We have reached the professional football in America merger on NFL Thursday, as we simplify our second miniseries weekly entry considerably. With just one league to evaluate, we look at the Super Bowl MVP awards and the ROTY vote winners, too, on offense and defense—picking just one to stand tall above the others. Enjoy!
In the meantime, check out our first miniseries entry on this year for context …
Super Bowl V MVP: Chuck Howley, LB, Dallas (original); Mike Curtis, LB, Baltimore
In perhaps the worst Super Bowl ever—the two teams combined for 11 turnovers and only 23 first downs—the Baltimore Colts beat the Dallas Cowboys, 16-13, on a last-second field goal. Dallas linebacker Chuck Howley was named the MVP, the only member of a losing team to ever be voted so. He led a defense that forced 7 turnovers, and Howley himself registered 2 interceptions.
Was he really the MVP? There are only two Colts we’d consider for the award: tight end John Mackey and LB Mike Curtis. The former had a second-quarter TD reception for 75 yards that set a record and got Baltimore back into the game after the Colts fell behind 6-0; the latter made 4 tackles on defense and came up with the game-deciding INT late in the fourth quarter, setting up the winning score.
Mackey’s record stood for a long time, but he only had one other reception, so we are inclined to give this award to Curtis: That interception, which he returned to the Dallas 28-yard line directly decided the outcome of the game, and the Baltimore defense did hold the Cowboys to just 217 total yards. He was the best player on that defense in this game—and a legend for other reasons.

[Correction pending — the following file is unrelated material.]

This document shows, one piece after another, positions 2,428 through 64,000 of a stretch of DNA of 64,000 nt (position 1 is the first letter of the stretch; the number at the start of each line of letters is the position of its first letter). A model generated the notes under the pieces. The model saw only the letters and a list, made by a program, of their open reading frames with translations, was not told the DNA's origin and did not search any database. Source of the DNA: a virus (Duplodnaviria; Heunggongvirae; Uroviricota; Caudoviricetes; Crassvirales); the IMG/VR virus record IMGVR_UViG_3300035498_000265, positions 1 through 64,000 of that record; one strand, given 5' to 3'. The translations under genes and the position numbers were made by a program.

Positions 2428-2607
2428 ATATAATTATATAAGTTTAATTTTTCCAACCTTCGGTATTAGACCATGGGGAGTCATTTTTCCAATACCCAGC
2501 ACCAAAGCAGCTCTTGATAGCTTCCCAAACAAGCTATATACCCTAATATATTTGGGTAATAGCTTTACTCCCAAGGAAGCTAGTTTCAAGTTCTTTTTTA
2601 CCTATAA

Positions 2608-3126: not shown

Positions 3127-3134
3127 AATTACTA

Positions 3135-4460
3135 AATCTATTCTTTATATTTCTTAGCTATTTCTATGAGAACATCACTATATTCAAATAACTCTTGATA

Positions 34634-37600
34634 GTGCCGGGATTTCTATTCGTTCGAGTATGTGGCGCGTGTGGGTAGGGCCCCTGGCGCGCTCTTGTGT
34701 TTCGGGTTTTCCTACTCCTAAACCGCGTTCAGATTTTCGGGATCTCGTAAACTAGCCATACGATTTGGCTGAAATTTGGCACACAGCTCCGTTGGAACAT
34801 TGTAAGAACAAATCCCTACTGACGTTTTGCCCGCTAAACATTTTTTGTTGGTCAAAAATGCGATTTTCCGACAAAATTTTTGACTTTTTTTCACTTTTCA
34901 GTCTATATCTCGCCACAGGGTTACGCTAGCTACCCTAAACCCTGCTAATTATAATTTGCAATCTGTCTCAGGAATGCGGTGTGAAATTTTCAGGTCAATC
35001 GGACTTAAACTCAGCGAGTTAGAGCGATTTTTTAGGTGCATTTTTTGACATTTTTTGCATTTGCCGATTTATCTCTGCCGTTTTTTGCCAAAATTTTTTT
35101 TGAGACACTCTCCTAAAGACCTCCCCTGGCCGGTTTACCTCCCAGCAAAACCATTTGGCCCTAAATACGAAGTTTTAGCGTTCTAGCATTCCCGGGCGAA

1970 NFL ROTY: Dennis Shaw, QB, Buffalo & Bruce Taylor, CB, San Francisco (original); Jake Scott, S, Miami (revised)
With separate awards for the offensive and defensive rookies of the year, we decide truth. Buffalo Bills quarterback Dennis Shaw won the offensive vote, despite throwing twice as many INTs (20) as TDs (10), despite playing with running back O.J. Simpson. Meanwhile, San Francisco 49ers cornerback Bruce Taylor won the defensive vote, but 49ers teammate defensive end Cedrick Hardman was better.
We are not sold on either winner, so who else is there? Dallas RB Duane Thomas posted 876 yards and 5 TDs for a division winner, but he also fumbled 6 times. We actually like Miami Dolphins free safety Jake Scott a lot, with his 5 INTs for a 10-win playoff team. He is going to be our pick for NFL Rookie of the Year. He had 2 more INTs than Taylor, by the way.